Presevo, Sep 7 (AP/UNB) — The European Union's top diplomat says she's concluded separate talks with the leaders of Serbia and Kosovo but that there has been no breakthrough in normalizing their strained relations.
EU foreign policy chief Federica Mogherini said Friday after meetings with Serbian President Aleksander Vucic and Kosovo President Hashim Thaci that she held several rounds of talks but that "difficulties remain."
She says she hopes both leaders will continue discussions and "reach in the coming months a legally binding agreement on comprehensive normalization of relations, in line with international law."
Mogherini said she would chair further high-level talks in Brussels between the sides later this month.
Beijing, Sep 7 (AP/UNB) — Chinese President Xi Jinping will meet with Russian President Vladimir Putin next week in a sign of strengthening ties between the two Asian giants.
The summit will take place during Xi's working visit to Russia's far-eastern port city of Vladivostok on Tuesday and Wednesday, the Chinese foreign ministry said Friday. It will be the first time a Chinese head of state has attended the Russian-hosted Eastern Economic Forum, a gathering Moscow hopes will encourage investment in its thinly populated far-east.
Xi's visit is a sign of healthy ties between China and Russia that have been cemented by joint military exercises and coordination on foreign policy issues from Syria to North Korea. China this month is sending 3,200 troops and about 900 weapons units to take part in the biggest Russian military exercises since the Cold War.
The visit also comes as China is reaching out to trade partners amid a tariff war with the United States. Russia has in recent years surpassed Saudi Arabia as China's largest source of crude oil and Beijing also imports Russian gas and military equipment.
Russia and China have responded to the U.S. national security strategy describing them as America's top adversaries by vowing to further expand their economic, political and military cooperation. They have also sought to strengthen the Shanghai Cooperation Organization, a regional grouping they created and which holds occasional defense exercises.
The relationship is driven in part by the warm ties between Putin and Xi, seen as the most powerful Chinese leader since Mao Zedong. The two have met 25 times — five times last year alone, according to Putin's foreign affairs adviser, Yuri Ushakov. Putin's visit begins on Friday.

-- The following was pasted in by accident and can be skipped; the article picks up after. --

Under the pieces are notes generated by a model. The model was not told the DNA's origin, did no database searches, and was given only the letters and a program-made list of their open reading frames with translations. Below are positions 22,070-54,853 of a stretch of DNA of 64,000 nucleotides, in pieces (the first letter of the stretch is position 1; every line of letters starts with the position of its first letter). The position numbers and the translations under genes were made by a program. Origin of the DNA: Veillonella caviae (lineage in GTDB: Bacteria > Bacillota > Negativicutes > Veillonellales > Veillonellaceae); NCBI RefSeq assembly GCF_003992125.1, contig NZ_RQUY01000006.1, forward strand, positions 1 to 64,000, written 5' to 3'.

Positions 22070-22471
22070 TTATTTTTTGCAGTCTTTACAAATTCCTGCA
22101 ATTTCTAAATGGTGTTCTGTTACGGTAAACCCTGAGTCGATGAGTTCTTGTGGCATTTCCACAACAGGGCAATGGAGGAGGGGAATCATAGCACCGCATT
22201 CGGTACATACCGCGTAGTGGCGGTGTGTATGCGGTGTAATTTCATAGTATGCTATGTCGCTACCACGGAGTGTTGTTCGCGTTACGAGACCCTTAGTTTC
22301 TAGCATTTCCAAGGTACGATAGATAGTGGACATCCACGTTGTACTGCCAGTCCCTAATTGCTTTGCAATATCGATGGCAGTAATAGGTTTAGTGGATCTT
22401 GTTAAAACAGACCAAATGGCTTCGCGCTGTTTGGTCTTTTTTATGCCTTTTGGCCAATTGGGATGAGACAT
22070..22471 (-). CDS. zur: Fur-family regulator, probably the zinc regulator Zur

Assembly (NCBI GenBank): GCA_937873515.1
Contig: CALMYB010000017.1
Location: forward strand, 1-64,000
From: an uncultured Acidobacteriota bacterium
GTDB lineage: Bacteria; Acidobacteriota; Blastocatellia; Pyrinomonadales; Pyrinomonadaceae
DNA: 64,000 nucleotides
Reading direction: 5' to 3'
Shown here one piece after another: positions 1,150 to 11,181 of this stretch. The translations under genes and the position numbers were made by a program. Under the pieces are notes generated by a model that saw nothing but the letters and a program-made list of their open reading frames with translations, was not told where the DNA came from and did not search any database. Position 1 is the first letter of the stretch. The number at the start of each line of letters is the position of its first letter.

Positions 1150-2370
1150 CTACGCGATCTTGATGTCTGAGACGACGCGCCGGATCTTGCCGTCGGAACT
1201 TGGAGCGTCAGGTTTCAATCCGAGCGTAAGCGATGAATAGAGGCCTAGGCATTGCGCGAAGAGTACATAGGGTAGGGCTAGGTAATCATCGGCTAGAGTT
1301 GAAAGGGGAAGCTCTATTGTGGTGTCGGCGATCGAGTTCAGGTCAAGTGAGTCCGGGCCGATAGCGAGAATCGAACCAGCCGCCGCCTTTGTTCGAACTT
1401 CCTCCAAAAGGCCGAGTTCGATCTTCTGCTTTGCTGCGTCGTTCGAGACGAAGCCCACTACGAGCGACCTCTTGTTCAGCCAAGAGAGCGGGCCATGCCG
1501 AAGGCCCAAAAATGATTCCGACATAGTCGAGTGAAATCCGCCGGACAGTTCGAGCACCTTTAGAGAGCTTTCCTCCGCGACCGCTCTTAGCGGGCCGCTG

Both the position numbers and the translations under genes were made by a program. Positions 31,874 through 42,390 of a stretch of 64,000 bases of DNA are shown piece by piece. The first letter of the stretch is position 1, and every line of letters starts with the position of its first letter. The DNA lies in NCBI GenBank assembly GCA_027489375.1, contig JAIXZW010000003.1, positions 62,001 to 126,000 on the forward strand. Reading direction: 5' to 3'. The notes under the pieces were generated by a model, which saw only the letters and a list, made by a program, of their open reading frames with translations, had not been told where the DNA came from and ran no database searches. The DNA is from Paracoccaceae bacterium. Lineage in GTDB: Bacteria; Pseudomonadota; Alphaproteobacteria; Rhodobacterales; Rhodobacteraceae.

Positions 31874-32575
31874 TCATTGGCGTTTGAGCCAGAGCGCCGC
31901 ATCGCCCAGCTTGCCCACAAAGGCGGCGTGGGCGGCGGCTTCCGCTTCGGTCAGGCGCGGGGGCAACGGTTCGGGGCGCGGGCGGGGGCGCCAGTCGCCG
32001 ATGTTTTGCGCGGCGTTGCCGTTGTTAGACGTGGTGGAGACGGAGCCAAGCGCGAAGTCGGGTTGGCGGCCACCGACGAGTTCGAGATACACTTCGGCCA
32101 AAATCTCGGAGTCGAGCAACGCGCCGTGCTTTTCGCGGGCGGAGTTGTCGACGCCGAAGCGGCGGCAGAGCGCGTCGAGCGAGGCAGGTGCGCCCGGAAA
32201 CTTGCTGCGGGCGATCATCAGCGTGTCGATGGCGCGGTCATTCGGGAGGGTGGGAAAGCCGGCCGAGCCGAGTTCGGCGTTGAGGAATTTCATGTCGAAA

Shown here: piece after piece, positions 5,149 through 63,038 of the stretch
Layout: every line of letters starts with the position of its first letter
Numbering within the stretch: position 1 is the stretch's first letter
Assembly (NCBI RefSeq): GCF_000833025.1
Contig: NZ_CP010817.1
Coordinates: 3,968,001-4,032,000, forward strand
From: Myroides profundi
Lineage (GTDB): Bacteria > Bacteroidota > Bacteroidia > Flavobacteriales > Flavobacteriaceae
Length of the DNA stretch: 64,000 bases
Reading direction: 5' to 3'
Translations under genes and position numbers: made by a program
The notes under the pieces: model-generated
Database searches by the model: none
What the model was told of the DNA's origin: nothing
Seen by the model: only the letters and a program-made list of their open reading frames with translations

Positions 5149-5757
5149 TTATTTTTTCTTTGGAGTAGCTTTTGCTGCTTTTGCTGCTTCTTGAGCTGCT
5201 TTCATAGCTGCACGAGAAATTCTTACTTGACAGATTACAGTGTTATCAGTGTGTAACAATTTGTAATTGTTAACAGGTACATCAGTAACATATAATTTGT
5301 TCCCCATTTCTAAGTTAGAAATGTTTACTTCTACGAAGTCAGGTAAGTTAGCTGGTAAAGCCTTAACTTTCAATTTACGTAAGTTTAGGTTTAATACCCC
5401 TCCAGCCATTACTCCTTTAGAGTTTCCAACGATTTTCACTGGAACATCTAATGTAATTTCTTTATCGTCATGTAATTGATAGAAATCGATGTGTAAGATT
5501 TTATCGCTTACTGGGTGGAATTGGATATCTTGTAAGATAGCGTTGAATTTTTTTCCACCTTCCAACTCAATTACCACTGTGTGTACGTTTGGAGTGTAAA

Redwood City, Sep 7 (AP/UNB) — A career criminal who authorities believe is the Gypsy Hill Killer faces trial Friday in Northern California for the murders of two young women four decades ago.
Law enforcement officials believe Rodney Halbower, 69, is the man who raped and killed six young women during a five-month period in 1976.
The serial killer was given his nickname when one of the bodies was found in the Gypsy Hills section of Pacifica, about 10 miles (16 kilometers) south of San Francisco.
Opening statements start Friday in Redwood City, which is about 30 miles (50 kilometers) south of San Francisco.
The killings of six young women in Northern California and Reno, Nevada, remained a mystery until 2014.
That's when DNA taken from cigarette butts saved from the scene of one of the killings in Reno led investigators to Halbower's prison cell in Oregon.
The San Mateo County district attorney's office charged Halbower with two of the six murders that occurred there, citing the cases' DNA evidence.
San Mateo District Attorney Steve Wagstaffe called Halbower "a sociopathic serial killer" and said he is seeking to have Halbower sentenced to life in prison if convicted.
Halbower's DNA was taken when he entered the Oregon prison in 1989 where he was serving 90 years for rape and attempted murder. Halbower's DNA was stored in a national database and matched the sample Reno cold case detectives scraped from the cigarette butt when they took another look at the Reno murder case in 2014.
A woman who confessed to murder spent 30 years in prison for the crime, but evidence mounted that she was mentally unfit and probably innocent.
It's likely Halbower would never have been linked to the five California murders and the killing of a University of Nevada nursing student in Reno had he not escaped from a Nevada prison in December 1986. He stole a car and made his way to Oregon, where — within days of his escape — he was arrested for rape and attempted murder.
An Oregon jury convicted Halbower and sentenced him to 15 years in prison in that state. First, he was returned to Nevada to finish that state's prison term.
When Nevada paroled him in 2013, he was sent back to Oregon, where prison officials took a DNA sample and submitted it to the national database investigators use to revive stalled investigations, which linked him to the Gypsy Hill murders.
Halbower was first transferred to the San Mateo County Jail in 2014 and his trial has been delayed several times. He has fired several of his public defenders and demanded to represent himself. The case was also delayed until a jury last year determined he was competent to stand trial. Judges have refused to let him serve as his own attorney. His current public defender, John Halley, didn't return a call from The Associated Press on Wednesday.